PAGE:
Society

Languages Spoken In Belarus

Belarusian, also referred to as White Russian, has been the official language of Belarus since 1990, replacing the Russian widely spoken under Soviet rule.

Belarus is located in the northern region of Eastern Europe. It shares borders with Poland, Lithuania, Russia, Ukraine, and Latvia. The population is 9,498,700 and has high ethnic diversity. The country has spent the majority of its history under the rule of other countries and kingdoms which help explain the languages spoken here today. Belarus has two official languages and several minority languages. This article takes a look at those.

The Official Languages Of Belarus

Belarusian

Researchers have discovered texts written in Old Belarusian, one of the oldest versions of the Belarusian language, from as early as the 13th and 14th centuries. The language belongs to the East Slavic language family and descends from Old East Slavic. At the end of the 18th century, nobility spoke Belarusian. By the 19th century, it was only spoken in some areas and more so by the peasant class. It was at this time that Russia and Poland began laying claim to the country and introducing their official languages, Russian and Polish, to the educational system. It remained a language of the lower classes until the end of the 19th century when a Belarusian revival began, in part to protest the Russian and Polish influences.

In the early 20th century, a movement was made to record and formalize the grammar of the language. In 1924, under Soviet rule, Belarusian became one of four official languages. In Polish-ruled West Belarus, however, the language was further suppressed and banned. After World War II, use of the language once again declined as the region underwent “Soviet unification” that made Russian the principal form of communication. When Belarus became independent in 1991, Belarusian once again became popular and was the only official language for a few years before public protest led to the inclusion of Russian as a state language. Since then, the interest in maintaining and preserving Belarusian has declined.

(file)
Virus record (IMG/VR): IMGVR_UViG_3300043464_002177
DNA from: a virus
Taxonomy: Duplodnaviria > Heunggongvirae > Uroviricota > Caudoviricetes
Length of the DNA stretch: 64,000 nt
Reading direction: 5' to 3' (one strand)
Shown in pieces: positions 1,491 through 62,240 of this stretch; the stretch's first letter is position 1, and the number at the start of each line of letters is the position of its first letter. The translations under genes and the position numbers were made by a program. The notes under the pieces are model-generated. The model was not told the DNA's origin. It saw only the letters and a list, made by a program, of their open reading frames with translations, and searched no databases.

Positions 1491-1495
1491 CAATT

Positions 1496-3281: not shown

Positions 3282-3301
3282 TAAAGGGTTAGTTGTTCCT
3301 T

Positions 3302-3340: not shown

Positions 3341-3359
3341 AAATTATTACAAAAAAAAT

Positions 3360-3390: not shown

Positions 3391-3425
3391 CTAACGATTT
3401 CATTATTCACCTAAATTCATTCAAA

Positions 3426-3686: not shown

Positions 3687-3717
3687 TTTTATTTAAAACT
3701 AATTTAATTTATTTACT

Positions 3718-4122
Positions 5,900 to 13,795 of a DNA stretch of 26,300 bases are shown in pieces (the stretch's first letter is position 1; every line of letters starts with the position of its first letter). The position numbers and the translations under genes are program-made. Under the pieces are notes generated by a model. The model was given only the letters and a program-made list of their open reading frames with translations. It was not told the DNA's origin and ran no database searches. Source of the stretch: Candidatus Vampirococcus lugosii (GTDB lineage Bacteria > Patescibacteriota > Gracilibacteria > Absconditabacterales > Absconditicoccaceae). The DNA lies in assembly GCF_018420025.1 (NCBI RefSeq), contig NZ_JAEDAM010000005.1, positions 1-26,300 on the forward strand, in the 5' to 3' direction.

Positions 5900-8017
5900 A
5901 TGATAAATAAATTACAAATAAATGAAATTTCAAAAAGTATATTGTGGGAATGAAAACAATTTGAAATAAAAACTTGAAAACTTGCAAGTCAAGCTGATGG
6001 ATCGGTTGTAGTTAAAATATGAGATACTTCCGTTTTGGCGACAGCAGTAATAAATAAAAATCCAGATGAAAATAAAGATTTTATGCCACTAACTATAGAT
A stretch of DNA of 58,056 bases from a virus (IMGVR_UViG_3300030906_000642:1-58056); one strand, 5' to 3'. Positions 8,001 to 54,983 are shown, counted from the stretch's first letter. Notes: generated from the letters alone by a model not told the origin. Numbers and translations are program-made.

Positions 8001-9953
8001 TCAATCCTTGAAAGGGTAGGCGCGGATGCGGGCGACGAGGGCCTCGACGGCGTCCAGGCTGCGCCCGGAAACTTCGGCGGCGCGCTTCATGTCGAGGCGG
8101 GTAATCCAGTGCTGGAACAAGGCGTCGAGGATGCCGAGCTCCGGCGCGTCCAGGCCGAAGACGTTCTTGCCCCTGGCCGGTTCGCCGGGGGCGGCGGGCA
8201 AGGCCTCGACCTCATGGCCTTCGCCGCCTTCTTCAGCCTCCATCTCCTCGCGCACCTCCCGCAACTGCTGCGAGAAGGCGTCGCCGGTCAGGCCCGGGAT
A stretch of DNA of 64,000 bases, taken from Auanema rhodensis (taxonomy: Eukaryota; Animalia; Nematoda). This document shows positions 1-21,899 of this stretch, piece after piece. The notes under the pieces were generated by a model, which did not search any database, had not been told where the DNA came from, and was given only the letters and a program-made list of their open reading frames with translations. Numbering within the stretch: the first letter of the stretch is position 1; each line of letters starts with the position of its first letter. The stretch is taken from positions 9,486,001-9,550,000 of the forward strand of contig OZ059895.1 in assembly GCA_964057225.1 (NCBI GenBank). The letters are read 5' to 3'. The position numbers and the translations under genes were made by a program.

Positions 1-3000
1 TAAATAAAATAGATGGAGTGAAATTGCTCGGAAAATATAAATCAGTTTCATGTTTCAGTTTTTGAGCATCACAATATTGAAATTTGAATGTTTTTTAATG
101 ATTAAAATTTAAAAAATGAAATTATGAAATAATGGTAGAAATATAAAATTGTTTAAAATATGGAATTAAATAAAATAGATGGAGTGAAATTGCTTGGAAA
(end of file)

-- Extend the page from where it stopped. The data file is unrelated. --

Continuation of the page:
Its use by families at home has also declined. In 1999, approximately 36.7% of the population spoke Belarusian at home, while a 2009 survey indicates that the number decreased to 11.9%. In total, 29.4% of the population is fluent in Belarusian, and 52.5% can only read and speak it. Some language support groups are attempting to revive literacy in Belarusian.

Russian

The most widely spoken language in Belarus is Russian, one of the two official languages. Russian was reinstated as an official language after the Belarusian referendum of 1995 during which 88.3% of voters supported an equal legal status for both Russian and Belarusian. This referendum resulted in an increased use of Russian throughout the country. In 1999, only 58.6% of the population claimed to speak Russian at home, whereas in 2009, that number increased to 69.8%.

Minority Languages Of Belarus

In addition to the two official languages, several other minority languages are spoken throughout Belarus. Some of the most common of these include Polish, Eastern Yiddish, and Ukrainian. Trasianka is a language phenomenon that can be heard in some places. It is a mix of the structures and vocabulary of Russian and Belarusian that is spoken rapidly. Trasianka is the result of the local language being influenced by the socially dominant language and became particularly common when rural Belarusian-speaking migrants began moving into Russian-speaking cities.

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